White Guy Watches Bollywood

A random white guy engages with contemporary Indian cinema... one movie at a time

Hindi Movie Review: Article 370 is a solid spy thriller undone by relentless political posturing

Yami Gautnam Dhar stars in the new Hindi movie "Article 370," here reviewed by White Guy Watches Bollywood.

Following the recent Main Atal Hoon, Aditya Suhas Jambhale’s Article 370 is the latest in an election season wave of Bollywood films that celebrate the accomplishments of the BJP, under the thin guise of a uniting sense of Indian nationalism. Unsurprisingly, Indian critics have largely seen the film through the lens of their own politics; depending on whose assessment you read, it’s either a riveting political thriller or a propaganda piece liberally mixing facts and fiction. Audiences, in line with the BJP’s strong levels of current popularity and the self-selective nature of ticket-buying, have largely embraced the movie, catapulting it to box office success that caught some industry prognosticators by surprise.

As an outside observer stationed in the West, I found the movie’s politics to be entirely unengaging: too obvious and partisan to be thought-provoking, but not over-the-top enough to fuel the kind of rah-rah, saber-rattling entertainment that made Fighter so enjoyable for me. Just as I was getting into the rhythm of the story, there would come another explicit political appeal that took me out of the proceedings and reminded me that “this movie isn’t for you.” Which is not to say that I know enough to have strong feelings about the positions the film stakes out, but rather, that it adopts them with such inelegance that this interferes with the fluidity of its storytelling. A movie like Fighter goes so hard on the propaganda that it becomes part of its aesthetic; Article 370 is still trying to sell itself as a straight-ahead spy thriller, which makes its digressions into virtue-signaling feel like disruptions.

As the title signals, the film’s story revolves around the 2019 repeal of Article 370 to the Indian constitution, which gave special status to Jammu and Kashmir. It follows two parallel narratives: that of NIA agent Zooni Haksar (Yami Gautnam Dhar) working to quell threats emerging in the region that could threaten the repeal attempt (which not even she is aware of for much of the runtime), and that of the government effort to make the long-promised abrogation a reality.

There is a good deal of crosscutting between these two story tracks, much of it crude. Zooni pursues several high-adrenaline, high-stakes missions that the film tries to position as absolutely essential to the political success of the repeal effort. In order for the parallel narratives to feel justifiably connected, the movie must completely sell us on this notion. But in practice, the goal of this exercise seems entirely too transparent, even if we accept the claim that Zooni is apparently based on a real agent. The filmmakers are clearly only linking the two stories because they seek to use entertaining action as a way to make their political points more palatable and persuasive to a mass audience, not because of any real-life connection.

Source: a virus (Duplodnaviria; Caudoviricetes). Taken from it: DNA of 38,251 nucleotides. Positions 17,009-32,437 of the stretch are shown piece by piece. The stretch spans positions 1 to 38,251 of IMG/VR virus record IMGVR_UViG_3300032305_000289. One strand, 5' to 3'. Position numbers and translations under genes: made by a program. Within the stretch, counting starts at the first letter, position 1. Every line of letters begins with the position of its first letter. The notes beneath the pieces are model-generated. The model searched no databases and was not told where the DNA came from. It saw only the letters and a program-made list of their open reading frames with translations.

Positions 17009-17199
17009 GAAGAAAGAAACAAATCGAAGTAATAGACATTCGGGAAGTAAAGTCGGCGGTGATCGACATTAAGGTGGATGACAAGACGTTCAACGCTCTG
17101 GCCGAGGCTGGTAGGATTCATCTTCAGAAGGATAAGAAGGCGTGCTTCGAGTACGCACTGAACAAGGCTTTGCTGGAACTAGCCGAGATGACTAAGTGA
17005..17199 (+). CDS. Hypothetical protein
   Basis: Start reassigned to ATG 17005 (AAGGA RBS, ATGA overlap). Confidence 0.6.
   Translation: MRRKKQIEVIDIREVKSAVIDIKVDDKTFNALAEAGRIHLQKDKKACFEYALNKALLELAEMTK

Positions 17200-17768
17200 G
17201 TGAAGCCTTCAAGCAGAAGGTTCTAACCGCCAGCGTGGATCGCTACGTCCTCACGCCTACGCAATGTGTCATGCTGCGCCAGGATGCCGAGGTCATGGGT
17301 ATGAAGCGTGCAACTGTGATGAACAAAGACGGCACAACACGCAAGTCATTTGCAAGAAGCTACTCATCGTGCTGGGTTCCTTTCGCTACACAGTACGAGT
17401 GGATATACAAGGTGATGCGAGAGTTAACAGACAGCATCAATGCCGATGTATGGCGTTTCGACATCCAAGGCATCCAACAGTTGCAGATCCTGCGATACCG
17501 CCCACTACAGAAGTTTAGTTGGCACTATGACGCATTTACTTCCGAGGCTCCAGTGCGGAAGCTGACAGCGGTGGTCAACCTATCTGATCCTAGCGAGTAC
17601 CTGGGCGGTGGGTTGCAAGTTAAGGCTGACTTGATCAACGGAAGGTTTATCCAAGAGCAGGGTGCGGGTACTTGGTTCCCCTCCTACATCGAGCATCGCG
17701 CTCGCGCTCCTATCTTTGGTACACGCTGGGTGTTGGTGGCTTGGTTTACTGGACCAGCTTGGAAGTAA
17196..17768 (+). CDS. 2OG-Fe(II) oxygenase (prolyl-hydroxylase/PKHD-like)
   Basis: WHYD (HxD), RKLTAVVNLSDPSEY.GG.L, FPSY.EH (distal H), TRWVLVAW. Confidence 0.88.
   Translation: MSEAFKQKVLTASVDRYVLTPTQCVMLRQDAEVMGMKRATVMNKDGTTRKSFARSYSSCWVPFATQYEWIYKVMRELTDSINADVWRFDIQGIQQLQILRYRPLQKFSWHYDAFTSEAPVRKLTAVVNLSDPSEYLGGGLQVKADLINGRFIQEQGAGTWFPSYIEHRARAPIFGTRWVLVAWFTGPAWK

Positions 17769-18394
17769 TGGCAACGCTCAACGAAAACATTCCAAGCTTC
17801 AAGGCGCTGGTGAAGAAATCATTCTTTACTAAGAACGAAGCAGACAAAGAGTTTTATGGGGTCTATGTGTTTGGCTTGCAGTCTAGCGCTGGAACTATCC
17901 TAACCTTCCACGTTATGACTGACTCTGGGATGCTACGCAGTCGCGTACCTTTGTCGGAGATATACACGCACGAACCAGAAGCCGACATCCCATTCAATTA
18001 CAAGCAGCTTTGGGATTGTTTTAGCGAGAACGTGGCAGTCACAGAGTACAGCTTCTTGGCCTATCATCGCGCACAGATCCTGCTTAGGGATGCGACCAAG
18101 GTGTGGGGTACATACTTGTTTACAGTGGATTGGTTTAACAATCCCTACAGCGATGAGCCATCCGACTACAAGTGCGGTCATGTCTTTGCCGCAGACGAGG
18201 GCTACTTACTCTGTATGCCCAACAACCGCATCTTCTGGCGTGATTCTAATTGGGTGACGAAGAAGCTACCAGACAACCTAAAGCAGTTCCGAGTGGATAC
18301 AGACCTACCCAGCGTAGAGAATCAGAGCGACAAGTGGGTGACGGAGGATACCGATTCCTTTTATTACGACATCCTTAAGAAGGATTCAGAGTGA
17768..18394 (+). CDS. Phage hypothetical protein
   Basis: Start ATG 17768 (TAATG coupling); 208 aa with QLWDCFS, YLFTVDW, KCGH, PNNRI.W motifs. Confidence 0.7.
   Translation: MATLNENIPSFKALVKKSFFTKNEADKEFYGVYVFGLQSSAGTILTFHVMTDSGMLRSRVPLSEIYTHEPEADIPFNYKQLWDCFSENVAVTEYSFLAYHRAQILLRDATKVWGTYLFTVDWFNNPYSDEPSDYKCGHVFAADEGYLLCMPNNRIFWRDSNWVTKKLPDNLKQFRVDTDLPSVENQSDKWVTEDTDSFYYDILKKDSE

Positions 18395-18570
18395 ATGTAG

So far, this review may make it seem like I really didn’t like Article 370. But here’s the thing: the sections focusing on Zooni’s work as an agent – the bulk of the film – are actually very well-done and compelling. It’s the attempt to fit these pieces into a larger, entirely unsubtle political narrative that doesn’t work. But when we’re just watching Zooni on missions, the movie is tremendously entertaining. Much of her job as an NIA agent focuses on preventing mass unrest in Jammu and Kashmir before it happens, getting to terrorists while they are still in the planning stages. The film finds the right balance of building suspense around each operation and the action portion of said operation, which is a key challenge for any intelligence community-focused film. And the action itself is very well-staged and shot, largely riveting in the moment.

Yami Gautnam Dhar is also quite captivating in the lead role of Zooni. The film initially develops her as a classic agent with a chip on his/her shoulder, opening on a mission she spearheaded to take down a terrorist without full approval from her higher-ups, leading to unintended consequences. But she hardly comes across as a simple archetype as she works her way back to playing a pivotal role in the NIA, following a brief relegation to boring security work. Gautnam Dhar evinces both the charisma and the intellect needed to thrive in this type of role; she could go toe-to-toe with any Tom Clancy lead of the last forty years. Zooni does not just come across as an agent with immense professional skills, she’s also someone the audience can connect with on an emotional level, making her both root-worthy and vulnerable in action. So much of my investment in the film was driven by Gautnam Dhar’s strength in this role.

If Article 370 had simply focused on Zooni’s operations and kept its political messaging as more of a subtle undercurrent or contextual element to the material, then perhaps I would have embraced it more wholeheartedly. But as the movie progresses, the parliamentary drama grows into an increasingly prominent component, requiring the investigative action to become more convoluted in order to continue to convince the viewer that the two are inextricably linked. This proved to be a recipe for my disengagement as a viewer. I don’t hold the films politics against it; I do take issue with the fact that it doesn’t find a way to seamlessly integrate them into the storytelling. This is precisely when propaganda starts to feel objectionable: when the messaging takes over, and the movie you were really enjoying ceases to exist.

Rating: ★★½ (out of ★★★★★)

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